The Arthur myth is so integrated into our public consciousness that as I read this book I was assaulted by various versions of the tale encountered during my life. When I read about Arthur and Kay I remembered T.H. White's remarkable, "The Sword and the Stone" (which, now that I think about it, would also have made a great recommendation to the "Magic Treehouse" kids). When I saw Arthur pull the sword from the stone I flashed back to the animated Disney movie made lo these many years ago. And when the Lady of the Lake emerged from her watery home, suddenly the song "Find Your Grail" from "Spamalot" was pulsing through my ears. What we adults need to remember as we read this book is that kids going through it aren't necessarily going to have the same frames of reference that we do. All these pop cultural images and ideas won't be in their heads. As such, "Merlin and the Making of the King" is an ideal place to start them on. Consider the work and care put into it. In her Author's Note, Hodges gives a brief history of the original manuscript "Le Morte d'Arthur" published in 1485 in London. Yet in 1934, another manuscript was found in a library at Winchester College that was much closer to the original story than the 1485 version. This book is a retelling of the Winchester manuscript and, as such, is perhaps the purest children's retelling of the Arthur myth ever to be published in the English language for people under the age of 10.
If I were a professional reviewer (i.e. if I was getting paid) I would sit down with the Winchester retelling of Sir Thomas Malory's, "Le Morte d'Arthur" and determine what Hodges has written down and what she has left out. Obviously, knowing a patchwork of different Arthur stories ("Camelot" probably foremost amongst them) I felt that this book left out important details. It makes it sound as if Guinevere never cheated on Arthur with Lancelot and that it was just rumor mongering on Mordred's part. But who am I to say? Maybe that's what Malory's story actually said. What I can say with certainty is that if you're looking for a go-to source of good King Arthur stories ("Gawain and the Green Knight", "Gawain and the Loathly Lady", etc.) this is not the resource you want. This book is all Merlin and Arthur, all the time.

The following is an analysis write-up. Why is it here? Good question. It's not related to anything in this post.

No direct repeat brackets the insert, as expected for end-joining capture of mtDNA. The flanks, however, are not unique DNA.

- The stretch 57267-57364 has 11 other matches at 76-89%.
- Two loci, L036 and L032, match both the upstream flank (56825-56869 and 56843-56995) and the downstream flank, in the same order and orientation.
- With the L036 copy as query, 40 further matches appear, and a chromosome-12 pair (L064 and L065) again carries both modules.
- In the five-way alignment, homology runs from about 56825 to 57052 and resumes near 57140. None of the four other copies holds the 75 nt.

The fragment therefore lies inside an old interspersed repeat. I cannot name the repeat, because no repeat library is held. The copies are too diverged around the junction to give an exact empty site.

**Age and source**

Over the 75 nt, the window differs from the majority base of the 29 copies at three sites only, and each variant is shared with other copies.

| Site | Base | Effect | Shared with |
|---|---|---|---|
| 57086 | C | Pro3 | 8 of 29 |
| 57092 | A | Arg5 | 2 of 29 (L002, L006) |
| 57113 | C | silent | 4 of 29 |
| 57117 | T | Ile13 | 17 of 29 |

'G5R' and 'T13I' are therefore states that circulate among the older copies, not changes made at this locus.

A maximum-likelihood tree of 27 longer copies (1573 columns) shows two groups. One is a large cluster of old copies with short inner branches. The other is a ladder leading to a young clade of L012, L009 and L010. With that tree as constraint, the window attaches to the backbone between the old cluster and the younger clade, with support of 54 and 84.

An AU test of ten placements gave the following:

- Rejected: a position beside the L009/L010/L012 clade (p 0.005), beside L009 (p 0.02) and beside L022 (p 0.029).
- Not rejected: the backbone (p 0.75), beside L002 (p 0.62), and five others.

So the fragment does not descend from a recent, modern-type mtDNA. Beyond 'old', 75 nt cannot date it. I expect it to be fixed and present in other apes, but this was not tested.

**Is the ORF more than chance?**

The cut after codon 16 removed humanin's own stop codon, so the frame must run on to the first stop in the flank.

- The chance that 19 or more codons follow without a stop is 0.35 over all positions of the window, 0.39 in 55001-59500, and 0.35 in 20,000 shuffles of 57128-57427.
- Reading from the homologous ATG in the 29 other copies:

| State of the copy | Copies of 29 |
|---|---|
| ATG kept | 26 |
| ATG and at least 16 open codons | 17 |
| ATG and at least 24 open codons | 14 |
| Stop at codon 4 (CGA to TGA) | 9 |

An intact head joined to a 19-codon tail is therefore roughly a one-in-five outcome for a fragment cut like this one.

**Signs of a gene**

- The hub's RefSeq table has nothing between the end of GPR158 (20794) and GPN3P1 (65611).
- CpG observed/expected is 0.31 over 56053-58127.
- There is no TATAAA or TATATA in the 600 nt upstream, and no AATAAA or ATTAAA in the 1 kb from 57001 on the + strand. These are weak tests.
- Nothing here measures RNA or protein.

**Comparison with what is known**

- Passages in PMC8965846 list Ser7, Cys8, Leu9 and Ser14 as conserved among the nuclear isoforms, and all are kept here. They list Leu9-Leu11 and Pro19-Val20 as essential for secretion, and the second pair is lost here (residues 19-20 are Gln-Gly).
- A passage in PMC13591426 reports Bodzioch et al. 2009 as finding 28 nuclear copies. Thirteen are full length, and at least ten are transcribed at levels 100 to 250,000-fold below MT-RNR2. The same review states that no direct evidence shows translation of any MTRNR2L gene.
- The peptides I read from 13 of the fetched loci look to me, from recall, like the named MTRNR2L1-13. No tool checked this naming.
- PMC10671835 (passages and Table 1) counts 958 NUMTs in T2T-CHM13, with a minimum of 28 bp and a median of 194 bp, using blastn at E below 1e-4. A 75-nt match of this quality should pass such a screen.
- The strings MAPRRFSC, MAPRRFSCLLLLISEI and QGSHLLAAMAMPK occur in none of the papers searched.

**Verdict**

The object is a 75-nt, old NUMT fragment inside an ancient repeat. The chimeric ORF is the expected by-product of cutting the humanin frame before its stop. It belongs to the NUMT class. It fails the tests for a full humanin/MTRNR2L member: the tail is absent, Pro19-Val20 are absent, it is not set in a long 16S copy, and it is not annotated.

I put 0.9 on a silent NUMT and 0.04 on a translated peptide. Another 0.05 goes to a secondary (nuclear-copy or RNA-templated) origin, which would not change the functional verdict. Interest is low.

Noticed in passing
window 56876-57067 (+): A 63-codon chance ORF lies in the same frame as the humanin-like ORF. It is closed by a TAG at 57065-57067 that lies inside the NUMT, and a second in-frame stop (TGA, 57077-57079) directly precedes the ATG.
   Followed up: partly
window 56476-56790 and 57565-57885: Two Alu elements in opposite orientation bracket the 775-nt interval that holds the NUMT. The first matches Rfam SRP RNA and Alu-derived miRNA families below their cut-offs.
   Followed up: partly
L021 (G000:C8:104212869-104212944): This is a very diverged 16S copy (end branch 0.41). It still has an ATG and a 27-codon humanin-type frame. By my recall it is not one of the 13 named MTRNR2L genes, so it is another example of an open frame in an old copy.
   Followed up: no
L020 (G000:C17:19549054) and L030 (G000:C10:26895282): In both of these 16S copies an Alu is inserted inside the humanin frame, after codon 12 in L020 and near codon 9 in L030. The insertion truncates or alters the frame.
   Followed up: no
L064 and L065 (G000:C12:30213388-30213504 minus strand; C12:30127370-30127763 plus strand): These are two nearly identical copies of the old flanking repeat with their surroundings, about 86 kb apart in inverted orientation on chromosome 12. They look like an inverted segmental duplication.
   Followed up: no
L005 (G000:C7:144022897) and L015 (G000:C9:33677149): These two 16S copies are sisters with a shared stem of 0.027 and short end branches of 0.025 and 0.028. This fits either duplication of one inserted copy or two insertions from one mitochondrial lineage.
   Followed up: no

And how is the retelling? Pretty good. A little confusing at times. Though it would have pumped up the page count I think the font definitely could have been larger and the Trina Schart Hyman illustrations more plentiful. Unless I am much mistaken, this book is perhaps one of the last works Ms. Hyman was able to finish before dying of cancer in 2004. Unlike her earlier work the book is less reliant on fine-tuned details and employs a rougher broader brush. Just the same, it's far more intricate and indicative of the illustrated manuscripts of the medieval age than most of the work done by lesser artists working today. Ms. Hyman was one of the great bright stars of her field.
Reading this book, kids with Merlin-mania will not find themselves fully satiated. What they will find is the one true retelling of the original Arthur myth. From there on in they can enjoy books like Susan Cooper's, "Over Sea, Under Stone" and Jane Yolen's, "Young Merlin" series with some excellent background knowledge of this legendary tale. Ms. Hodges has given us the definitive children's edition of Arthur in brief. A necessary addition to any complete children's library." E. R. Bird said.
"This is a gorgeous book. Also you should buy the couple other books that this author and illustrator have teamed up to create. they are all fabulous. Enchanting!" Kellie Sunday said.
"Excellent book for your Camelot collection. Interesting view of the legend. Any collector would enjoy the book. Happy I got it!" DJ said.
"I ordered this classic for the stocking of my five year old grandson. He listened with great attention to the first chapter but didn't ask for more. I think it is a little too old for him, but he'll be ready soon. It's a beautiful book for all ages." MSR said.
"Beautifully illustrated with medieval marginalia. This book is a perfect introduction for a child to King Arthur. It provides the essential story, along with illustrations to ponder and dream upon." Fredericka said.
"The illustrations are so great it leaves you wanting more. I gave it four stars only because we wish it were longer. It is definitely worth owning if you're an King Arthur fan and you're looking for a quick bed-time story version. My six-year-old son loves it too." N. Malara said.